As Coronavirus Panic Increases, So Does Racism Toward Asian People
Incidents of racism toward people of Asian descent are on the rise due to the coronavirus scare.
With panic over the coronavirus growing by the day, incidents of racism are unfortunately on the rise as well. The coronavirus outbreak began in Wuhan in the Hubei Province of China, which has led to an increase in acts of hatred and violence toward Asian people, in spite of repeated assertions from officials saying that anyone of any ethnicity can contract coronavirus.
On Feb. 4, a video recorded in the New York City subway showed a harrowing attack on an Asian woman wearing a face mask. On Feb. 25, a heartbreaking video recorded in the San Francisco area showed two men attempting to hit an elderly Asian man as they stole his cart full of cans. On Mar. 2, another video recorded in the New York City subway showed a woman screaming at an Asian man, telling him to "go home." And on Feb. 24, a Chinese student named Jonathan Mok was assaulted in a racist coronavirus-fueled attack in London.
"Racists constantly find excuses to expound their hatred—and in this current backdrop of the coronavirus, they've found yet another excuse," Mok wrote on Facebook a week after the attack. "From refusing service to a Chinese-looking person to racially motivated hate crimes, every single one of these acts are based on racism."
Chinese restaurants have also been affected, with some reporting losing half or more of their business in the last month. "None of our food comes from China, but that doesn't matter to diners," Thomas Lo, a co-owner of Spy C Cuisine in Queens, New York, told the New York Post. "I don't know what motivated the scare. A lot of it is misinformation."
"People are trying to avoid places where Asian people are going to be, which is completely unfounded," Sarah Baker, president of the Seattle chapter of Japanese American Citizens League, told The Stranger. "And there have been incidents within the community of people being avoided—people getting on the bus and others moving away from them just because they're Asian."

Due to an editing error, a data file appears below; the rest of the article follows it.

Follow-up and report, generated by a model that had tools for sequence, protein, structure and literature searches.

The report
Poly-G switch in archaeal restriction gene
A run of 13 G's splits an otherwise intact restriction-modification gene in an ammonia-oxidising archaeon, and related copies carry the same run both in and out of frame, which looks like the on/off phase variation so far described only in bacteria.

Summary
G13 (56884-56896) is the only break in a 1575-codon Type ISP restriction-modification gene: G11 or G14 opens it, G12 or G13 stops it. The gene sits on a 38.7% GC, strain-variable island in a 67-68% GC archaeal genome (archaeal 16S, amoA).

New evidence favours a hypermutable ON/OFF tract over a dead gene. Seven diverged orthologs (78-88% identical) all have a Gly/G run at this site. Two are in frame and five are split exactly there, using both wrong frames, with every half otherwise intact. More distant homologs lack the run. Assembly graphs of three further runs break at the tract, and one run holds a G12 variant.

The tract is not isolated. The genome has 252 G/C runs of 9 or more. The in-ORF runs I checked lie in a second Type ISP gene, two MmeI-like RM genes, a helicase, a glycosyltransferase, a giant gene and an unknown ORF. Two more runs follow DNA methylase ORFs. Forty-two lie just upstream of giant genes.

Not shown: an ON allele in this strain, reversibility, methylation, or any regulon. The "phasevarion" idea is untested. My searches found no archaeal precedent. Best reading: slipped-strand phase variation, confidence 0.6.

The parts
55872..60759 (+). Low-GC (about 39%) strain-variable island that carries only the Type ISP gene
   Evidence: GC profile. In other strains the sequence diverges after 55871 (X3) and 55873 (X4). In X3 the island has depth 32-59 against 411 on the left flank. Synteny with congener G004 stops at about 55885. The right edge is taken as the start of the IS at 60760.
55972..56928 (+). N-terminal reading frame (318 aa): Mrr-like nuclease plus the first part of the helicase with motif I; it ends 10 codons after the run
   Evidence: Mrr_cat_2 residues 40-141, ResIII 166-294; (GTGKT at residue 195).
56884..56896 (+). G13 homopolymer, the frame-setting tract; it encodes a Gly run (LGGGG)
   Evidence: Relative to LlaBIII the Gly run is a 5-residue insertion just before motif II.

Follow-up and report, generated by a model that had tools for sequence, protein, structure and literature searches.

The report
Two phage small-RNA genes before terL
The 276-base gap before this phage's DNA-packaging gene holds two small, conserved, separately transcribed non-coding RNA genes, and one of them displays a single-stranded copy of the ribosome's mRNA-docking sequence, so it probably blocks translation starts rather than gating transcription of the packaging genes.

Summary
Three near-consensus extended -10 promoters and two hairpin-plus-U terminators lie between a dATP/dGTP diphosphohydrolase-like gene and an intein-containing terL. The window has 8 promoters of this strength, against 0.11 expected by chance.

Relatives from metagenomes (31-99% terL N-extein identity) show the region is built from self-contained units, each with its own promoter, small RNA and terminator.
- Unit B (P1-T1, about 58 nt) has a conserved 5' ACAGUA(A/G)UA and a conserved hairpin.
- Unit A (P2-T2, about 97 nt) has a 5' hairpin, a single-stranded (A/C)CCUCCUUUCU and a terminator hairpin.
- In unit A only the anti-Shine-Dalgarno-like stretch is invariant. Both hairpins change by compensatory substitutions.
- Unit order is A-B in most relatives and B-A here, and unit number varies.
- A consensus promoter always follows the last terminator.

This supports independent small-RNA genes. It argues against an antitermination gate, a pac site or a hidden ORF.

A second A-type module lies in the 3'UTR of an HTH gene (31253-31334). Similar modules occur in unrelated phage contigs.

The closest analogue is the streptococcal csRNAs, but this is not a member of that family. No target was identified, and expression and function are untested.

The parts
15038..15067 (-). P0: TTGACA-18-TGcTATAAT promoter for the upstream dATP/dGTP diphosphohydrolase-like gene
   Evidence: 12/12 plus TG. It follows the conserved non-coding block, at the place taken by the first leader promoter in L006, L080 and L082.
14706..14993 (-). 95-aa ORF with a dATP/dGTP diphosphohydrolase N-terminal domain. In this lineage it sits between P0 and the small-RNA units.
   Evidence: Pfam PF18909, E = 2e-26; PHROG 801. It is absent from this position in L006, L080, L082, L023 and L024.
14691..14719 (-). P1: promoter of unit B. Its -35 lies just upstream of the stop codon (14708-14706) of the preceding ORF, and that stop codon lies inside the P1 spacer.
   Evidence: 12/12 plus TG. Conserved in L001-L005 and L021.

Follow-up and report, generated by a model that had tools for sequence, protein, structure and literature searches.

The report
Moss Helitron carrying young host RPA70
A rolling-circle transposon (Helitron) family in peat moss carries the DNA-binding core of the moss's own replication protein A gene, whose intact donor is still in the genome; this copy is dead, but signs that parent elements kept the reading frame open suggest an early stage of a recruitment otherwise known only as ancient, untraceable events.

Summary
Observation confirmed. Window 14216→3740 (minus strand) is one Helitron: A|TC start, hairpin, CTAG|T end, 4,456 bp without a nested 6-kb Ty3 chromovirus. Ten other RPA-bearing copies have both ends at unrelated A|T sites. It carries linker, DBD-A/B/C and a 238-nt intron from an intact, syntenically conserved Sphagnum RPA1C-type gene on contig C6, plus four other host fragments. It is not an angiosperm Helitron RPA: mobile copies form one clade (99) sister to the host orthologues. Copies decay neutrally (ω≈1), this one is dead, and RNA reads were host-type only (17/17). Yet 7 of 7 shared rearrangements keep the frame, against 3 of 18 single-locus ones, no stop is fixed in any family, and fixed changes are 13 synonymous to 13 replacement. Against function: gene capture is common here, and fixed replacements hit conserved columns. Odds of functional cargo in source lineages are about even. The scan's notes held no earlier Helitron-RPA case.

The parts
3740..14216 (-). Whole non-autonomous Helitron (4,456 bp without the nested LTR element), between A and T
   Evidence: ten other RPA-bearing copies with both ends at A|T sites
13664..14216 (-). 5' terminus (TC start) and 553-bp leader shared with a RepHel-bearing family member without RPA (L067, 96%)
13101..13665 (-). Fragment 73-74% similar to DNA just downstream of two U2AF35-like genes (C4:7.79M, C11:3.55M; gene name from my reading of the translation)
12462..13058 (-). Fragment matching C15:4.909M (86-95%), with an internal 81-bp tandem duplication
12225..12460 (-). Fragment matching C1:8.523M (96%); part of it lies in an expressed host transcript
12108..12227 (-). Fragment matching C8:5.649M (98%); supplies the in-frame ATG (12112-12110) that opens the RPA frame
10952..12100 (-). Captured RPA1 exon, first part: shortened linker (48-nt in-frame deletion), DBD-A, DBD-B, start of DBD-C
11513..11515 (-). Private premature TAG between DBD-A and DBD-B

Politics Means Politics writer and Chinese student Mike Dinata experienced something similar in the U.K.
David Barron, a certified labor employment lawyer at Cozen O'Connor, told Best Life that people should take extra care to avoid workplace discrimination as coronavirus fears increase.
"A lot of employers are putting together emergency response plans right now," he said. "It's important not to create hysteria, as that tends to result in people blaming certain groups for their issues, which creates a hostile work environment. And you can't assume that someone should stay home because they're South Korean."
Barron also said that while it's legal for companies to place travel bans on certain countries, they should be mindful of how that might impact employees whose families are from those countries and may experience discrimination as a result. "Most of this is common sense," he said. "But people tend to lose their common sense when they're under pressure."
Janice Gassam of Forbes pointed out that "the racism that many people of Asian descent are currently experiencing is strangely reminiscent of the U.S. in the 1800s after The Chinese Exclusion Act of 1882 was passed. The act was passed based on the false belief that the decreased wages and economic hardship that the West Coast was facing at the time were due to the Chinese workers." She also noted that health pandemics have a tendency to lead to bigotry and xenophobia, like the Ebola virus concerns in 2014 that resulted in racism against those of African descent.
"Fear and ignorance are a dangerous combination and have catalyzed into the spreading of fiction and falsehoods," Gassam wrote. "Ensuring that employees are equipped with the facts and are prepared to intervene if they witness discrimination taking place will help you cultivate a culture of inclusion inside and outside of the workplace."